Global Markets: Stocks gain on quick economic revival hopes, oil slides
By Herbert Lash NEW YORK (Reuters) - A gauge of global equity markets rose on Monday on hopes of a fast recovery from the coronavirus economic slump while oil slid after Saudi Arabia said an extension of output cuts by producer nations would not include extra cuts by three Gulf countries. A surprisingly upbeat U.S. jobs report on Friday along with progress toward a European recovery fund, more German fiscal spending and the European Central Bank's decision last week to expand its emergency stimulus program drove recovery hopes.
By Herbert Lash
NEW YORK (Reuters) - A gauge of global equity markets rose on Monday on hopes of a fast recovery from the coronavirus economic slump while oil slid after Saudi Arabia said an extension of output cuts by producer nations would not include extra cuts by three Gulf countries.
A surprisingly upbeat U.S. jobs report on Friday along with progress toward a European recovery fund, more German fiscal spending and the European Central Bank's decision last week to expand its emergency stimulus program drove recovery hopes.
The U.S. dollar edged higher and commodity currencies gained as risk appetite ramped up. The New Zealand dollar rose to its highest in nearly four months after the government said it had stopped transmission of the coronavirus within the country.
Financial, automotive and retail-oriented and energy shares - the stocks most beaten-down since the pandemic slammed markets - led equity indices higher.
MSCI's gauge of stocks across the globe gained 0.41%, but the pan-European STOXX 600 index lost 0.32% after posting its strongest weekly gain in more than eight years on Friday. Jefferies said in a note that the German market, which fell 0.22%, "has become a tad overbought."
On Wall Street, the equity rally put the benchmark S&P 500 less than 1% away from recouping all of this year's losses.
The Dow Jones Industrial Average rose 230.87 points, or 0.85%, to 27,341.85. The S&P 500 gained 12.69 points, or 0.40%, to 3,206.62 and the Nasdaq Composite added 21.54 points, or 0.22%, to 9,835.62.
Yields on top-rated German government bonds dipped but remained near more than two-month highs hit last week on the back of improving sentiment in world markets.
U.S. Treasury yields also fell, with the 10-year note down 3.1 bases points at 0.8735%. Gold rose after a steep decline, boosted by hopes of a dovish monetary policy outlook from the Federal Reserve after the U.S. central bank ends a two-day meeting on Wednesday.
Spot gold added 0.5%.
Oil fell after the Organization of Petroleum Exporting Countries and others agreed on Saturday to sustain cuts agreed to in April that were equal to about 10% of global oil supply.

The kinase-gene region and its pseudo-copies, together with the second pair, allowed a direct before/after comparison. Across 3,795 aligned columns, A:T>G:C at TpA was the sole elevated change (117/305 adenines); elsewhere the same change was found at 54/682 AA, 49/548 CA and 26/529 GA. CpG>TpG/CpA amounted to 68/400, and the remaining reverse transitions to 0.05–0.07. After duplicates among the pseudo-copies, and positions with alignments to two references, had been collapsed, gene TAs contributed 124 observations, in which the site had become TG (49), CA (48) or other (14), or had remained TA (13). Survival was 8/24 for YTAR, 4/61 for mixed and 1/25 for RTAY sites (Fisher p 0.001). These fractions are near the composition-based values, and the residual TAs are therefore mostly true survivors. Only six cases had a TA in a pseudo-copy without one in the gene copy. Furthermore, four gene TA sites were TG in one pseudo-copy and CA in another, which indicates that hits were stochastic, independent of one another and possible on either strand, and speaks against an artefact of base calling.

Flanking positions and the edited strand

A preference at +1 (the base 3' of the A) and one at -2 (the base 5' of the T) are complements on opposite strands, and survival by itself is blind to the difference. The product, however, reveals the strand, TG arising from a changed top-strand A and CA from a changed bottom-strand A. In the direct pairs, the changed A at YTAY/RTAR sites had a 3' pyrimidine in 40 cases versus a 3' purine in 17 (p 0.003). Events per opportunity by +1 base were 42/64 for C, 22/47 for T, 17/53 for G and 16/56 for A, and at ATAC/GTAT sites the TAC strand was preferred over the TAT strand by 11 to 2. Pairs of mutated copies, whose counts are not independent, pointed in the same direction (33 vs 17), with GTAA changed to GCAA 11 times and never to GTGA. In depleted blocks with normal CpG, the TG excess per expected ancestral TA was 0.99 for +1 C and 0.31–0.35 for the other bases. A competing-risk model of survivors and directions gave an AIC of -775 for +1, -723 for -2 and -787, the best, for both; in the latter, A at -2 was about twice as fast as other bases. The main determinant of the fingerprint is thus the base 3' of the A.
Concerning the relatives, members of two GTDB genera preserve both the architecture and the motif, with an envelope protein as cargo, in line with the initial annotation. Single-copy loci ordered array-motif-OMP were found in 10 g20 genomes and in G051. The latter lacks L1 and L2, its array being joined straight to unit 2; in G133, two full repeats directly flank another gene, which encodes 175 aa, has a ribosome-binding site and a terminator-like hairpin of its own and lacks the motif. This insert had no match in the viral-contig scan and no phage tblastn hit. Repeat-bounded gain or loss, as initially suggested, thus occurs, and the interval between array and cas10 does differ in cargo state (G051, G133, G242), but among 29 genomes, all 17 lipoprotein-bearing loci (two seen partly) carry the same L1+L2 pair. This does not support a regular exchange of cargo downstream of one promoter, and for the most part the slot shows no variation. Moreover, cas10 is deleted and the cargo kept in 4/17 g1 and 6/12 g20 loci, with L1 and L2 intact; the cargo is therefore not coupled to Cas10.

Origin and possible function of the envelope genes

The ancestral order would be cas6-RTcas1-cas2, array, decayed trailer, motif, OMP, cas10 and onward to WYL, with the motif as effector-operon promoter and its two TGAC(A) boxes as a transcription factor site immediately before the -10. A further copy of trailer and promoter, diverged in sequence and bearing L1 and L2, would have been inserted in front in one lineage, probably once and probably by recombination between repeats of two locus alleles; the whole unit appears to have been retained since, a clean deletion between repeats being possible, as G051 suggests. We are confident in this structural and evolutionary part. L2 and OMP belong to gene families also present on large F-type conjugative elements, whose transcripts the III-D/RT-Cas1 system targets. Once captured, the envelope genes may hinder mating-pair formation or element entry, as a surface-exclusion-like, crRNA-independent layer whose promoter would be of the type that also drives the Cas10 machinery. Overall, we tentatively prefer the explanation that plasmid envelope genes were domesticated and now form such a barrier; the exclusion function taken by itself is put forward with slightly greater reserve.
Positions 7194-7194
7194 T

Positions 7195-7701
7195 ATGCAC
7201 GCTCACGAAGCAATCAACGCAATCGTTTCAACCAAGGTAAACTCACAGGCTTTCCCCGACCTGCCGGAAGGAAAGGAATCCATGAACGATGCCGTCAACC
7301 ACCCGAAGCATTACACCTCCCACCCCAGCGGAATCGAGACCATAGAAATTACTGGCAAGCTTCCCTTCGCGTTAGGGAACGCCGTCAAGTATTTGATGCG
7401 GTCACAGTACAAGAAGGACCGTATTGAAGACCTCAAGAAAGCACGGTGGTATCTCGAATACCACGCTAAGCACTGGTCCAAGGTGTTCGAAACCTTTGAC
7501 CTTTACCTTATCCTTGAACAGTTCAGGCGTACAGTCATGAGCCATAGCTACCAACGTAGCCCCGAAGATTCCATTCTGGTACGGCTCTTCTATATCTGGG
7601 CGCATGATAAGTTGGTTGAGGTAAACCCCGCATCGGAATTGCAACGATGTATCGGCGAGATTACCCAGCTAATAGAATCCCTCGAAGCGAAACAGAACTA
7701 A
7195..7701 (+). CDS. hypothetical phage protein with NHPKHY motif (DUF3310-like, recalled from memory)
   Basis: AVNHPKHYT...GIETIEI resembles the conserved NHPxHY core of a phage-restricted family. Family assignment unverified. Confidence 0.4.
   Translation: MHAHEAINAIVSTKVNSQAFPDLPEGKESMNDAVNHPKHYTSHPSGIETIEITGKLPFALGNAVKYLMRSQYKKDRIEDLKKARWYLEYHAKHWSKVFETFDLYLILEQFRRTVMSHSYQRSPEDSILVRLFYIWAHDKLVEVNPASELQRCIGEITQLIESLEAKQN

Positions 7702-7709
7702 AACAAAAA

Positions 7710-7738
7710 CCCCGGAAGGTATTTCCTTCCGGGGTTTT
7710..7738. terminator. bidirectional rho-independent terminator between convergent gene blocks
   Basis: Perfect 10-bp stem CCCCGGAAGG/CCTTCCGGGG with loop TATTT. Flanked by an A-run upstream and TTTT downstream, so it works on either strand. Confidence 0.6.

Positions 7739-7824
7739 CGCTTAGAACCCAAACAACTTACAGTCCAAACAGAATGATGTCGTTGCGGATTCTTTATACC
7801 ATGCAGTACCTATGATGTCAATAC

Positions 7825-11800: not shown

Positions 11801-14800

But Saudi energy minister Prince Abdulaziz bin Salman told a news conference on Monday that the kingdom and Gulf allies Kuwait and the United Arab Emirates would not cut an extra 1.18 million bpd in July as they are doing this month.
U.S. crude fell 3.24% to $38.27 per barrel and Brent was at $41.07, down 2.91% on the day.
Asia shares rose overnight in a catch-up rally following Friday's U.S. jobs data but gains were capped by Chinese data, published on Sunday, which showed exports contracted in May.
German industrial output meanwhile slumped a record 17.9% in April and firms now expect a bumpy road ahead despite a massive stimulus package.
"European stocks are probably under pressure following weak China data overnight. However, we do not think this marks the end of the rally," said Marija Vertimane, senior strategist at State Street Global Markets.
The Japanese yen strengthened 1.09% versus the greenback at 108.42 per dollar, while the euro was up 0.11% to $1.1296.
The dollar index fell 0.034%.
(Reporting by Herbert Lash and Thyagaraju Adinarayan, additional reporting by Sujata Rao; Editing by Larry King and Alistair Bell)
This story has not been edited by Firstpost staff and is generated by auto-feed.
By Robin Emmott and John Irish | BRUSSELS/PARIS BRUSSELS/PARIS France and Germany will agree to a U.S. plan for NATO to take a bigger role in the fight against Islamic militants at a meeting with President Donald Trump on Thursday, but insist the move is purely symbolic, four senior European diplomats said.The decision to allow the North Atlantic Treaty Organization to join the coalition against Islamic State in Syria and Iraq follows weeks of pressure on the two allies, who are wary of NATO confronting Russia in Syria and of alienating Arab countries who see NATO as pushing a pro-Western agenda."NATO as an institution will join the coalition," said one senior diplomat involved in the discussions. "The question is whether this just a symbolic gesture to the United States
BEIJING Chinese President Xi Jinping on Wednesday called for greater efforts to make the country's navy a world class one, strong in operations on, below and above the surface, as it steps up its ability to project power far from its shores.China's navy has taken an increasingly prominent role in recent months, with a rising star admiral taking command, its first aircraft carrier sailing around self-ruled Taiwan and a new aircraft carrier launched last month.With President Donald Trump promising a US shipbuilding spree and unnerving Beijing with his unpredictable approach on hot button issues including Taiwan and the South and East China Seas, China is pushing to narrow the gap with the U.S. Navy.Inspecting navy headquarters, Xi said the navy should "aim for the top ranks in the world", the Defence Ministry said in a statement about his visit."Building a strong and modern navy is an important mark of a top ranking global military," the ministry paraphrased Xi as saying.